6 Tips for Appropriate Use of Text Messaging at Work

Millennials are driving increased use of texting on the job. How you handle this communication tool can determine if it’s a positive or a negative development.
6 Tips for Appropriate Use of Text Messaging at Work
Dana Manciagli is a career expert, Fortune 500 sales and marketing executive, member of the board of Junior Achievement and author of, “Cut the Crap, Get a Job!” Contact her at www.danamanciagli.com.

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We’re texting all the time. Sending a text is more timely than sending an email, yet feels less intrusive than calling someone. Texting is replacing voice calls, especially among 18- to 24-year-olds, who send and receive nearly 4,000 text messages per month.

And as the lines between work and life become increasingly blurred, there is nothing stopping your crews of wastewater technicians and office staff from bringing their personal habits — especially texting — to work. Is that a good thing, a bad thing, or just the reality we have to deal with?

Although texting has found its way to the workplace, numerous questions remain about texting etiquette. Largely prompted by the rapid rise of smartphone use in the workplace combined with the huge number of millennials (typically ages 18-34) entering the workplace, texting has made its way on the job before proper protocol could be set.

Praful Shah, senior vice president of strategy for RingCentral, has witnessed a recent shift toward multiple devices in the workplace, including mobile phones, tablets, desk phones and laptops. He notes that each of these channels of communication required adoption of new habits and protocols within a business context.

Here are his six rules workers should follow when texting with managers, co-workers and customers in the field.

1. Grab some context clues

Sending text messages is a natural way to communicate, especially for millennials who have been texting more or less their entire lives. But this doesn’t mean you, your managers and the company’s customers feel the same way. Workers should watch for clues before testing. If the boss or a customer has initiated a text message in the past, it’s safe to assume they have the green light.

2. Feel it out

If workers are unsure if a manager or customer prefers texting to calling or emailing, they may test the waters the next time an extremely time-urgent issue arises by texting a question such as, “Need to chat about the project ASAP; have a few minutes to talk?” If the conversation keeps going via text, it’s safe to say the door is open for future text conversations. If a colleague or customer prefers moving to a phone contact, perhaps it’s best to save the trouble next time by calling right off the bat.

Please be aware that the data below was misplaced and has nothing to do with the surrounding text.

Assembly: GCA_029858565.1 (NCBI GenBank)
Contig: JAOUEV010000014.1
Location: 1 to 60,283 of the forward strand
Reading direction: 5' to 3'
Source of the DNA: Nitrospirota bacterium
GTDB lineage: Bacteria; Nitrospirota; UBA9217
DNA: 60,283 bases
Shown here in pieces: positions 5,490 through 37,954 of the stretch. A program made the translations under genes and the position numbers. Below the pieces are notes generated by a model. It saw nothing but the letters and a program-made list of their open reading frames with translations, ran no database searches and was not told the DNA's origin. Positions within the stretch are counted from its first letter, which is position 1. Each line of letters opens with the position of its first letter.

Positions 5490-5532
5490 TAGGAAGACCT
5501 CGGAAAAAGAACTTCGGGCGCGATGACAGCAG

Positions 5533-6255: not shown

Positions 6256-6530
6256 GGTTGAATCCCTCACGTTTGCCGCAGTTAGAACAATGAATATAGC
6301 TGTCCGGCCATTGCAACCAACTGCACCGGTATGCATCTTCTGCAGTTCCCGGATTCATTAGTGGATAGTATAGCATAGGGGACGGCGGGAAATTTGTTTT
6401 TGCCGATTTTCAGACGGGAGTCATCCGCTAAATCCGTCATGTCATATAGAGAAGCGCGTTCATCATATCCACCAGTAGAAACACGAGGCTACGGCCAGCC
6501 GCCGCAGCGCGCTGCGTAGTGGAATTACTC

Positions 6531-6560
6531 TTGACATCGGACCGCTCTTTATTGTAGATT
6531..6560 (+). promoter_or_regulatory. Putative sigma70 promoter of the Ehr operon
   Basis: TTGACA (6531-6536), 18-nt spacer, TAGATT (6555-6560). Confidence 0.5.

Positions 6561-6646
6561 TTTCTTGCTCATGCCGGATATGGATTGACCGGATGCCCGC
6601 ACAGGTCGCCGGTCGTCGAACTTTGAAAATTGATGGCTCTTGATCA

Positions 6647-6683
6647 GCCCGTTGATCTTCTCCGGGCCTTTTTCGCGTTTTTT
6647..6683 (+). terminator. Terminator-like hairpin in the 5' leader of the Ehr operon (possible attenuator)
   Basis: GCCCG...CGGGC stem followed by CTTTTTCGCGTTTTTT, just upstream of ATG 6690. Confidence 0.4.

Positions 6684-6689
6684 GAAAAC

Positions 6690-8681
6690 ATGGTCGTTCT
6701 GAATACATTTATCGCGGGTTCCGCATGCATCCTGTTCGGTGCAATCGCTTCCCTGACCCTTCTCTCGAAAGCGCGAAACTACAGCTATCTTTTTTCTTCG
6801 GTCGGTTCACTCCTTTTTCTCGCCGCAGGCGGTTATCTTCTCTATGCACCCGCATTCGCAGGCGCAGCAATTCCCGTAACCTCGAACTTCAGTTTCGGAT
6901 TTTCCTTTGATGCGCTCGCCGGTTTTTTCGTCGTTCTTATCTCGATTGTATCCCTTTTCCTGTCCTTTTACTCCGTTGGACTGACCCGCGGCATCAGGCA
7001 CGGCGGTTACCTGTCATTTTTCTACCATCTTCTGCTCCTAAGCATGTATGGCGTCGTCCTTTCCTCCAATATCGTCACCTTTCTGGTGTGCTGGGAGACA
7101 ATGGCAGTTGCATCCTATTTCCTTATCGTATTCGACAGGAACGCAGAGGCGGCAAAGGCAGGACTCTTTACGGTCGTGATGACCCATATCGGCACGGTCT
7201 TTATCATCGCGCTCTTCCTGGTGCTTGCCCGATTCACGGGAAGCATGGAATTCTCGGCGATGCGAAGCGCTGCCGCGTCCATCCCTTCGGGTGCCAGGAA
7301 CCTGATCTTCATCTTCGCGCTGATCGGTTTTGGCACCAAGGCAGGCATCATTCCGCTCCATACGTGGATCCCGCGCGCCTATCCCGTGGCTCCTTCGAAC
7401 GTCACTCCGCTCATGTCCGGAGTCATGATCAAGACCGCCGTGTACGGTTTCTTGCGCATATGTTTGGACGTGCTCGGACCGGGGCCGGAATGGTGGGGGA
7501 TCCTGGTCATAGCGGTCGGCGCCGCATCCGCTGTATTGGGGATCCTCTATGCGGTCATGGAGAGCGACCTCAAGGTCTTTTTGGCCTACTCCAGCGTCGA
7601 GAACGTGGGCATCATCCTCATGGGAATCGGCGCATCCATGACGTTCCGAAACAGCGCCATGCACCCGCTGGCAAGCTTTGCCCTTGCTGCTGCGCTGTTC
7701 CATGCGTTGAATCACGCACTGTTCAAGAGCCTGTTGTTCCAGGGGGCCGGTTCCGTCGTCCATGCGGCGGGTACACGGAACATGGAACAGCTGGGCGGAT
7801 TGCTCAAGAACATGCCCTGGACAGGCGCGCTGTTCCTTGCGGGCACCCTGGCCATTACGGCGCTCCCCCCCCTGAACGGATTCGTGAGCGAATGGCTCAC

3. Keep it professional

Texting with friends and family is typically casual, but it shouldn’t be in the workplace, especially to customers or other VIPs. Avoid using abbreviations that wouldn’t be understood across all generations and stay away from emoji overkill, since both make texts informal. The focus of workplace text messages, especially to customers, should remain centered on work at all times, unless the other party initiates a personal conversation about appropriate topics.

4. Only text when response time is important

Text messaging may typically be saved for time-sensitive information, when emailing wouldn’t generate a response quickly enough. Texting is less intrusive than placing a phone call, because the receivers have the option of ignoring the message if they are too busy to respond. When you need a quick response off-hours, text messaging is a better option than calling. A quick text might prompt a response, or at least a read receipt, instead of leaving you wondering if your email has been read.

5. Limit group texting to critical things

If you loop a customer into a group text, you will likely send an overabundance of texts that person doesn’t need to see. Be respectful of others by not encouraging off-hours group texts that will keep everyone’s phones binging and clanging away when they are home spending time with family. Group texting has its place — if it’s a dire customer emergency, for example, and you need input right away.

6. If it can wait, don’t text

Bottom line, you communicate with your customers and co-workers daily face-to-face and via email and conference calls. Before you add texting to the mix, ask yourself if it can wait until you’re back in the office or online tomorrow. If it can wait, you’ve saved yourself the headache of wondering whether or not a text was appropriate.


There’s no way to eliminate text messaging from our communication mix, and it’s infiltrating our conversations at work. If you think before you text, and save texting for the most urgent conversations, it can be a helpful channel for communicating with customers, employees and other business contacts. If not, and you go overboard with the number of texts sent, emoji used or spelling errors made, it can be extremely unprofessional.

The simple answer: If it’s work-related, think it through before you send that text.


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